Having friends is important in life – Fact! After all, where would we all be without the vital friendships forged as children and of course, the lessons learned along the journey. This edition of our parents’ guide focuses on how you can support your children develop and form friendships.
Most parents want their children to grow up and have friends. This is because having a friend or two in life can see you through the good as well as the bad times. For young children, learning how to make friends and play with others is a journey that really gets going from around three years old. By the time most children start Reception, friendships are a serious matter.
Five Influences on Children’s Friendships
The age of your child is likely to affect their ability to form and maintain friendships. This is because there are several skills that children have to master which are developmental. This means that while babies do not really have friends as such, children between three and four years start to have clear preferences for playmates.
2. Social Communication
To have reciprocal friendships, children need to be able to recognise what others might be thinking or feeling and adjust their own responses accordingly. A child who has a large piece of dough may offer to share it with another child because he is able to recognise that the other child wants to play too.
Learning how to control the impulse to grab, be first or not to have a tantrum if you lose is important if children are to have friends. Being patient, waiting for your turn and being able to cope if your idea for a game is not accepted by others is all about the development of what is called self-regulation.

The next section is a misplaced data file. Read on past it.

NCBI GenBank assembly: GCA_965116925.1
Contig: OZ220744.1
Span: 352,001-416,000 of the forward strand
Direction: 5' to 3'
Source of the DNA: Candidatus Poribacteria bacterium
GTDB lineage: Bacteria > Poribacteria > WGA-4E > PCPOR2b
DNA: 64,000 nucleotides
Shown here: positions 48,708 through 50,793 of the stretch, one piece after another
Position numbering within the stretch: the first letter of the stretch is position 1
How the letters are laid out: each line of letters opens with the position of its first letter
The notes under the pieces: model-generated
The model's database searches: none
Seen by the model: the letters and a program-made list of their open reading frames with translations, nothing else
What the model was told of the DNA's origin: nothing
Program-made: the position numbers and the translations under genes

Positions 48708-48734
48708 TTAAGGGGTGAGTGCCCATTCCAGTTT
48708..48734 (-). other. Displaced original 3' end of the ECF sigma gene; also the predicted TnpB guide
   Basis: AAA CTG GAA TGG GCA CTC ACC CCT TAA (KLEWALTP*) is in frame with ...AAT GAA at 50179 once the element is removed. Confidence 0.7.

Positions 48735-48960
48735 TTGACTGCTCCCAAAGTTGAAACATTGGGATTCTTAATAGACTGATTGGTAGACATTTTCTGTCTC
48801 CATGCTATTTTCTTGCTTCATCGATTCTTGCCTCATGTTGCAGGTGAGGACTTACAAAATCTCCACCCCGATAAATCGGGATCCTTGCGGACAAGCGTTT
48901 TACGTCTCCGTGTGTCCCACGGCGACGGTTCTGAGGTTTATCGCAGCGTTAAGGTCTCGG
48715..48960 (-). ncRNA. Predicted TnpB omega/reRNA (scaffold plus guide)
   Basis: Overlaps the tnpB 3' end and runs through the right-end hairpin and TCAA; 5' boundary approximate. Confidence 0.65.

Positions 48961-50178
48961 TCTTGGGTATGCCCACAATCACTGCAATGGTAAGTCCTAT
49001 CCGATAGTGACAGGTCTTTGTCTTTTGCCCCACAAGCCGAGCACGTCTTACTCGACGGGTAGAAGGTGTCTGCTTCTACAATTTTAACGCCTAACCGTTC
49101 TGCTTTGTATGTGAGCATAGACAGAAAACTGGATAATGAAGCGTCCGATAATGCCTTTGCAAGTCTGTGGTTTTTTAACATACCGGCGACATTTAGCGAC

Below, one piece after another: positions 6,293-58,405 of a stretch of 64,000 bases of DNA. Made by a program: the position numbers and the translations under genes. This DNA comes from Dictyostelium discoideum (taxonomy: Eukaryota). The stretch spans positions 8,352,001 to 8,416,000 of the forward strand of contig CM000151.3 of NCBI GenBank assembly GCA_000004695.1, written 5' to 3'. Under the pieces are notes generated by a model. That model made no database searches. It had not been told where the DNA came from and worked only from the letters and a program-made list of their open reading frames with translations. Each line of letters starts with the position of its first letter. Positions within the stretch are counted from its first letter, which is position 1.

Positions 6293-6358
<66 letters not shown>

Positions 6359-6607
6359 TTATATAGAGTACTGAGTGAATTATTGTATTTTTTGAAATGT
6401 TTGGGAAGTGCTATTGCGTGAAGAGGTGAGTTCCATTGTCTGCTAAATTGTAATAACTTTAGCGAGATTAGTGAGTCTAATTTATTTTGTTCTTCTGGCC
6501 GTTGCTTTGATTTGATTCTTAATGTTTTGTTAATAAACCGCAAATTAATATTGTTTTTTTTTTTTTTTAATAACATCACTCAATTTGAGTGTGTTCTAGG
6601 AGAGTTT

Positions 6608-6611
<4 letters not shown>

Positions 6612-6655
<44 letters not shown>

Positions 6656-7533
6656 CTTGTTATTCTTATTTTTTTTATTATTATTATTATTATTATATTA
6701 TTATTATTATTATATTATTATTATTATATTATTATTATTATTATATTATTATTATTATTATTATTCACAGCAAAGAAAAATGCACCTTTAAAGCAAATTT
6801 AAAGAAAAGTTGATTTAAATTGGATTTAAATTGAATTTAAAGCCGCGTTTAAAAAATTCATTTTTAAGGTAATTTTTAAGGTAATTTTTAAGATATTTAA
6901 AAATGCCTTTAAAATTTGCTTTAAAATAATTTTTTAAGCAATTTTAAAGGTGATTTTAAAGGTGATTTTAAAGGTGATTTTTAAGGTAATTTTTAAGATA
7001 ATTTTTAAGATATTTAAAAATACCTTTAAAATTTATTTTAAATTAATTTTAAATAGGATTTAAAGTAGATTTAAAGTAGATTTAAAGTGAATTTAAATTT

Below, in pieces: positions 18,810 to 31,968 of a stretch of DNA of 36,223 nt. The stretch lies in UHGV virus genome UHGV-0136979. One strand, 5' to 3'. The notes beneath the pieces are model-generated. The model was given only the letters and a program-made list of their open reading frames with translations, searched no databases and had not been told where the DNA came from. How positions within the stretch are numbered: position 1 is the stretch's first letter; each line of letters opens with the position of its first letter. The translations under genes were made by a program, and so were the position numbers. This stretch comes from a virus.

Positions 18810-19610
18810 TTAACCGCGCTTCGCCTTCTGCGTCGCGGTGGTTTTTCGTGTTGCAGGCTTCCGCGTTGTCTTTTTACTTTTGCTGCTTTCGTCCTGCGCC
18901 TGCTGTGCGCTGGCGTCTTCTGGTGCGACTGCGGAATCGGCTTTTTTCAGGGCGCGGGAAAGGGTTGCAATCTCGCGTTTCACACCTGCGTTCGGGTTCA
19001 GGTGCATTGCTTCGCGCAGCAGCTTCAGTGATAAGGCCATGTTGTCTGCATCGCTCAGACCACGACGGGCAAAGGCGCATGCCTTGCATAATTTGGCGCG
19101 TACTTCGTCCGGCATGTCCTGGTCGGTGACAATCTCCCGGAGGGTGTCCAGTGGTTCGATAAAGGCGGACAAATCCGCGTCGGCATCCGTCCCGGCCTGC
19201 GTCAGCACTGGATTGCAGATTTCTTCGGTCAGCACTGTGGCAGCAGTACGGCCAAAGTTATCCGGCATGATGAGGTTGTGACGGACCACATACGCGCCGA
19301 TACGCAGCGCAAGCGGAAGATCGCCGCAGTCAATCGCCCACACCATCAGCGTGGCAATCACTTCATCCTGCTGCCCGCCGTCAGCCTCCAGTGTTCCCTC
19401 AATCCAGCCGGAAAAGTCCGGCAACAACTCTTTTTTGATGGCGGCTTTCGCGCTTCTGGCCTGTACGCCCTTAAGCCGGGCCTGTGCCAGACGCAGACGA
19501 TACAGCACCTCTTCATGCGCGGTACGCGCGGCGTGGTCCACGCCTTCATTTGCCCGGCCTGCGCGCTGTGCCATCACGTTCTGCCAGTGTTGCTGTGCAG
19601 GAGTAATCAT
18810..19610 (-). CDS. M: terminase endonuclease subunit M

Many of the skills associated with children’s ability to develop friendships are partly linked to language levels. As children develop strong language skills, they can use it to organise their thoughts and control their emotions. Talk also becomes a feature of play as children grow older – for example, deciding on the rules of a game or organising who will be who in imaginative play.
How quickly children make friends and how many children they want to play with can depend on a child’s temperament. Some children are very happy in the company of just one other child, while other children like to play with several children.
Ways To Boost Your Childs Chances of Making Friends
While reciprocal friendships are linked in part to children’s development, there are plenty of things that you as their parent can do to support your children. There is good evidence that children can learn some of the skills that they need from parents and other adults.
Encourage Your Child to be a Collaborator
As one of the skills that children need is to collaborate with others, they can practise this in small ways at home. Rather than being a ‘passenger’ who is constantly waited on, encourage your child to help out in small ways whenever possible – for example, to take the plate to the sink after a meal or to pass you an item of shopping to put away into the cupboard. Give plenty of positive feedback so that your child learns to associate helping out with feeling good about him or herself.